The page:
My introduction to Budva, Montenegro was anything but auspicious. I chatted with the owner of my guest house as she checked me in, explaining that I’d been touring the ex-Yugoslavian countries all summer, perhaps with an eye to finding a place where I might establish a base in the future. “In that case, you’d have been better to visit the town of Bar in the south,” she commented wryly.
I’d originally planned to stay in Kotor Bay to the north, but so many travelers I’d met on the road had raved about Budva that I decided to make a brief stop in the city dubbed the Montenegrin Riviera. Later that evening I walked down to Stari Grad, the Old Town of Budva that is enclosed by thick stone walls. Following an inedible dinner at the Hong Kong Restaurant, I picked my way through the crazy maze of streets. Harsh light spilled from storefronts offering gaudy souvenirs and resort wear. The rubber hose of a sewage truck snaked through the reeking streets, emptying septic tanks. Except for the walls and turrets of the old fortification, the Old Town felt bereft of any historical significance.
Disappointed, I returned to my guest house to enjoy the lovely view of Budva Bay from my private balcony, but even that was soon spoiled. As darkness fell, the bah-boom, bah-boom of club music drifted up from the open-air nightclubs that line the shore. Luckily, my guest house had insulated windows and doors, or I wouldn’t have been able to sleep for the racket. Read More
Click on title of post to view photo in large format: Sun worshipers flock to Pizana Beach in Budva, Montenegro. This popular beach on the shores of the Adriatic Sea is wedged into a protected cove between the walls of the old city and Dukley Beach Club, which has Read More
Click on title of post to view photo in large format: Medieval walled city of Budva, Montenegro, as seen from the Citadel, the ancient fortification that protected the city for centuries. The Church of the Holy Trinity is seen in the foreground, beyond which rises Read More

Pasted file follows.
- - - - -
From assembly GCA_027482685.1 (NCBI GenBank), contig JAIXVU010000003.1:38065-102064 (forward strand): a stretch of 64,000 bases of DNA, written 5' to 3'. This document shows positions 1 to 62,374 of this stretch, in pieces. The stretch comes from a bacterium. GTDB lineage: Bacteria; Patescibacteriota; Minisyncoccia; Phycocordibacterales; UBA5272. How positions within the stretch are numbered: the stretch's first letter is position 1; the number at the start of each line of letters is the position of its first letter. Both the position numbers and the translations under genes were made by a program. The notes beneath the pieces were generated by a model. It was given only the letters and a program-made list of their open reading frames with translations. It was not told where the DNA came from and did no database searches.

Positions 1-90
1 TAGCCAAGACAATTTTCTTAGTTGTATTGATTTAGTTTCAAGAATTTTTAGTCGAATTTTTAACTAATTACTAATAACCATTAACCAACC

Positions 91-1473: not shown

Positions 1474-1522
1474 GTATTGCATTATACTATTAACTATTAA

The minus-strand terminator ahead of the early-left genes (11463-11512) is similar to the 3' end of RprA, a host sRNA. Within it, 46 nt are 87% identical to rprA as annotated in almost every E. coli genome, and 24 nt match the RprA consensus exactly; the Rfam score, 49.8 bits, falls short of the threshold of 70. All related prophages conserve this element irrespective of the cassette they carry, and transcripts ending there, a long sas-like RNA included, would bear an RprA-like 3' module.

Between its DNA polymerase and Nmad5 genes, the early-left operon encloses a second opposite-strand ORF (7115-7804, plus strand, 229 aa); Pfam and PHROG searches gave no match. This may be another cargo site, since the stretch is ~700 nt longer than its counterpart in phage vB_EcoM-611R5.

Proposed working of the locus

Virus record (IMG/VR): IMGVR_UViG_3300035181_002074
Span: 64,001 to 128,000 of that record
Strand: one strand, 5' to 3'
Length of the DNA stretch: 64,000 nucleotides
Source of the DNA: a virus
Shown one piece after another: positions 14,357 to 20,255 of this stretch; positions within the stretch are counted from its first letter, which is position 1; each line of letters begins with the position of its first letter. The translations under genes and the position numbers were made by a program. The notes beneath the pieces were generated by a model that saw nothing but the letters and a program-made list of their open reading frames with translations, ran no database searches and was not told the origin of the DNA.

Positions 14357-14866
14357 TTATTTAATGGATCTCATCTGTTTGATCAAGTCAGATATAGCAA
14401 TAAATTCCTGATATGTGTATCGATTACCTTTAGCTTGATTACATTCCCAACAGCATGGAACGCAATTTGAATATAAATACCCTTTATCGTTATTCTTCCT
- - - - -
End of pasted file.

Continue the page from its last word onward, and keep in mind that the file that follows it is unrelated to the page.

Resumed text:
Figuring out how to get from Tirana to Montenegro should have been easy, but it was unbelievably difficult. I had spent a few days in Albania’s capital on my way to the coastal cities of Montenegro. Tirana was only 98 miles away from Podgorica, the capital of Montenegro, yet I discovered that there was not a single scheduled bus that ran between the two cities. I spent hours searching the Internet with no success, and after visiting several travel agencies, I found only one that offered bus service between Tirana and Montenegro; it ran only during peak months and I was visiting off-season.
The only method seemed to be to take a 2.5 hour bus or minibus to Shkodër (Shkodra), a city in the north of Albania that shares a border with Montenegro, and transfer to another minibus for another two-hour ride to the coastal city of Ulcinj (the only available scheduled transport from Shkodër to Montenegro). I knew what that meant – rattletrap buses and drivers that would likely try to hold me up for an additional fare for my suitcase. Plus, I would still be hours away from my preferred destinations of Budva or Kotor Bay.
Fortunately, I had arranged a day tour to the towns of Kruja and Durres through the Albania Tourism Center in the Opera building on Skanderberg Square (not the country’s official tourism agency), and my fantastic guide pointed me to Drita Travel. Read More
Click on title of post to view photo in large format: This Roman Amphitheater in Durres, Albania, is the largest ever found in the Balkans. It was discovered near the city center by a farmer who was plowing his fields. The port of Durres was part of The Egnatian Way, a vital trade route that connected Read More
My plan for the summer had been to tour all seven of the countries that once composed Yugoslavia. I was close to meeting that goal, having visited five of the seven, but my last minute decision to visit Lake Ohrid, Macedonia put me so close to Albania that I could have walked there. While never part of Yugoslavia, Albania has always held an important location on the Balkan peninsula, thus I assumed it shared much in common with its Slavic neighbors and was worth a visit.
I was quickly disavowed of that notion upon arrival in the capital, Tirana. The languages of Serbia, Croatia, Slovenia, and Macedonia are similar enough that I had picked up enough vocabulary to communicate, but Albanian was unlike anything I’d ever heard. During my entire stay, the only word I was able to twist my tongue around was “FA-le-min-DER-it” (thank you). Even the slightest suggestion on my part that Albanians are similar to their Balkan neighbors was met with dogged resistance. “We are not Slavs,” they insisted. “We descended from Illurians, an Indo-European tribe.” Read More